“IDIDNOTCONSENT.ORG” is the name of a group that has been positioning its rather expensive looking truck at prominent locations in Manhattan. The group calls the truck a “mobile education unit.” Staffers hand out brochures and answer questions from a steady parade of men. Some who stop to ask questions are sheepish. Others want to know what they’ve been missing. A few furrow their brow and seem close to throwing up.
The “I Did Not Consent” folks are rather blunt about their message. Their literature contains photos of stern looking guys holding pictures of themselves as babies with statements such as:
Amputation of the foreskin is painful & traumatic for babies. I was tied down in an infant restraint. I was given little anesthesia while a doctor crushed my infant foreskin with a cruel medical device. After ten agonizing minutes, he cut me…I cried out. I DID NOT CONSENT
Another says “foreskin contains 20,000 specialized nerve endings. Circumcision removes them.” And perhaps the most novel argument against the practice; “circumcision was introduced in America as a way to ‘cure’ masturbation in boys.” Certainly many Jewish people would not agree as the practice first appeared in the bible.
Widespread circumcision in the U.S. is a product of medical research that showed it was a way to prevent infection and disease. Many Americans don’t necessarily think of it as a Jewish custom.
For the record, the American Academy of Pediatrics says the medical benefits of routine infant circumcision outweigh the risks. This guidance stands in contrast to guidelines in other English-speaking countries such as Australia, Britain and Canada, which say circumcision is not medically necessary.
In Europe, there is a stronger cultural association between Judaism and circumcision.
A controversial Norwegian newspaper cartoon comparing circumcision to pedophilia.A cartoon in one of Norway’s largest newspapers recently compared circumcision to pedophilia amid a debate in that country over whether to ban the practice.
The cartoon, published Tuesday in Dagbladet, depicts a disheveled man talking to Jewish and Muslim protesters holding signs reading, “Yes to circumcision” and “Freedom of religion.” The man responds, “I understand exactly how it is with you! I also get messages from invisible men in the sky to play around with small kids’ penises!”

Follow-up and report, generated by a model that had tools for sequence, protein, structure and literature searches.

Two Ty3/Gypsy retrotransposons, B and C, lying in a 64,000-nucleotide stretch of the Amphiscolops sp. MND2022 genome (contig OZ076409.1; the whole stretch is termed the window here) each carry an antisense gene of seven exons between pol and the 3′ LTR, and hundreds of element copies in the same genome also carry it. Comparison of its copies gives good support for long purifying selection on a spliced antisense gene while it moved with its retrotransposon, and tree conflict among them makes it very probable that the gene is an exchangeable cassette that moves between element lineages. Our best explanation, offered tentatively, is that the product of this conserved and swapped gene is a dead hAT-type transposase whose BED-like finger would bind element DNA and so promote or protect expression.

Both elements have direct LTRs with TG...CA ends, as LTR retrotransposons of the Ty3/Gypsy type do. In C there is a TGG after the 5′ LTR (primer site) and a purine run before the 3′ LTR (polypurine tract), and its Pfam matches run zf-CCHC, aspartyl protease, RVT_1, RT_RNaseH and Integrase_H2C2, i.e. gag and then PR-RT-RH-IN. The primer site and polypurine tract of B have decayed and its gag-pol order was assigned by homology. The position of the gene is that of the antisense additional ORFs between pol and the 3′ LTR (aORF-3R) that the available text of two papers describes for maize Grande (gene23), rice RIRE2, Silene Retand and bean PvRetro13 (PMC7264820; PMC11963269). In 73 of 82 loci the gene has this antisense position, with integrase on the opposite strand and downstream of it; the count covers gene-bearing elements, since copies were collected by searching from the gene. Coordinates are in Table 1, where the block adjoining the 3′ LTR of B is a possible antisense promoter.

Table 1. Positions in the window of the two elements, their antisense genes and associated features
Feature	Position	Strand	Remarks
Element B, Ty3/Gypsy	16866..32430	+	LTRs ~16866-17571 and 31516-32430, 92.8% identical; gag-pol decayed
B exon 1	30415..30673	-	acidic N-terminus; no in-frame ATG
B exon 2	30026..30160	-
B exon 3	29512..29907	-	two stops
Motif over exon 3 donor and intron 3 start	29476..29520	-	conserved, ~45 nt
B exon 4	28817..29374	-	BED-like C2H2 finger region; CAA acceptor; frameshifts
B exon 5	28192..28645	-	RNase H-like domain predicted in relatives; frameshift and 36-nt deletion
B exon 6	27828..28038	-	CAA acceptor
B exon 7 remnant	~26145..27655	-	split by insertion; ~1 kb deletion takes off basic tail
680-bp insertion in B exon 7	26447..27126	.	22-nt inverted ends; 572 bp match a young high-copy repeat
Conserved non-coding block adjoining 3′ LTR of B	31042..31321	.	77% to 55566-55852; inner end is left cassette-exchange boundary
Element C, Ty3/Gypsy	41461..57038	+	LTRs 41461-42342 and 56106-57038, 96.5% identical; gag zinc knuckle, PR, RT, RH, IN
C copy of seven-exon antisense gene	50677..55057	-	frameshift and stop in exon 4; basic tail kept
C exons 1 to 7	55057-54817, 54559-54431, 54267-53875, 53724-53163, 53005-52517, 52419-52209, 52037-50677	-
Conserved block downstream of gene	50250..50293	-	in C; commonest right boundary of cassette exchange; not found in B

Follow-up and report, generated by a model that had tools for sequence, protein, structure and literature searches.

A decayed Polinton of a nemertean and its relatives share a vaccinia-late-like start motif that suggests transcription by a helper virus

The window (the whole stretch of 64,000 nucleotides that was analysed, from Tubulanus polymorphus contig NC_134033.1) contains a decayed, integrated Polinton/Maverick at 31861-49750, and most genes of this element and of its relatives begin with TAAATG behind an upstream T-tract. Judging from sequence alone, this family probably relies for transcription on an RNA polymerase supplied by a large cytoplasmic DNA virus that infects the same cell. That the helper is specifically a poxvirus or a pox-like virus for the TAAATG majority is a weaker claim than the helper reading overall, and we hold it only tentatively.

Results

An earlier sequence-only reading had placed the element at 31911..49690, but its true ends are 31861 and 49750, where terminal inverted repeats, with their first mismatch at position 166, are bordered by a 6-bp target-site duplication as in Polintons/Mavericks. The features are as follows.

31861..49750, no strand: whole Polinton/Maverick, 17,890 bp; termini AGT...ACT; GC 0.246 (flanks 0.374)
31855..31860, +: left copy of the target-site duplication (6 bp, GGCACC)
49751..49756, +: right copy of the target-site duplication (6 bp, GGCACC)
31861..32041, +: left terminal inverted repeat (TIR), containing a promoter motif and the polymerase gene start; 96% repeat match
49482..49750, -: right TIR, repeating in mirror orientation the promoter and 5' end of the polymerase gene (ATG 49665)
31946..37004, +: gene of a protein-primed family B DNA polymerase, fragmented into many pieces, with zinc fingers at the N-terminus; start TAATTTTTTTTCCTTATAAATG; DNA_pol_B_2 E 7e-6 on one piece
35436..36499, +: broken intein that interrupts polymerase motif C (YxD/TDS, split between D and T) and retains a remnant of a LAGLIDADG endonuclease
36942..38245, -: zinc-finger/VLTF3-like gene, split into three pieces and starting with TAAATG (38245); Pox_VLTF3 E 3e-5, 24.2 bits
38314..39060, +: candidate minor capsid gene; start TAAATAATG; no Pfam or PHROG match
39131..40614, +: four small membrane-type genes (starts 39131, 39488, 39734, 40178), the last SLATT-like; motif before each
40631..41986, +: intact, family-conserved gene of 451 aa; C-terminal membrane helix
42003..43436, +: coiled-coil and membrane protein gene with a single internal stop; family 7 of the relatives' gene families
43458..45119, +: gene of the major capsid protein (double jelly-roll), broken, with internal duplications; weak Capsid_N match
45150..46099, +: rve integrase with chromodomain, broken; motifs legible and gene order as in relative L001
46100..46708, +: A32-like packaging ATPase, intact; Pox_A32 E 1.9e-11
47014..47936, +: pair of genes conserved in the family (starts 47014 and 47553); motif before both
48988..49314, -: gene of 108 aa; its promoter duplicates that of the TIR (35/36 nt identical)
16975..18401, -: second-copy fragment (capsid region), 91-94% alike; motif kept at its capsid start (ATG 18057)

Some Norwegians were offended by what they saw as a clear anti-Semitic message. The cartoon came after the Libertarian Progress Party voted to prohibit circumcision. The party, which also strongly opposes immigration, is the third-largest in Norway and is currently in a coalition with the Norwegian Prime Minister’s Conservative party.
Among younger men in the U.S. the entire topic is not as taboo as it once was. A recent Heat Street documentary told the story of the growing number of men who are trying to restore their foreskin. Many of them want to feel whole again.
There are no official numbers, but online forums and sales figures from device makers suggest there are tens of thousands of men currently “restoring.” The largest online community, RestoringForeskin.org, has more than 16,000 members. And Ron Low, maker of a restoration device called the TLC Tugger, says his business has grown steadily over the past decade, with around 5,000 new customers each year.
Restorers believe the foreskin is not just a useless flap—they argue it protects the head of the penis and makes for better sex. They use a range of devices—typically they involve gradually stretching with weights and straps—and their hands to gently tug on the remaining foreskin. This sustained tension over time creates extra tissue. And although it doesn’t have the specialized nerves and physiological functions of an actual foreskin, restorers say it makes a big difference in the bedroom.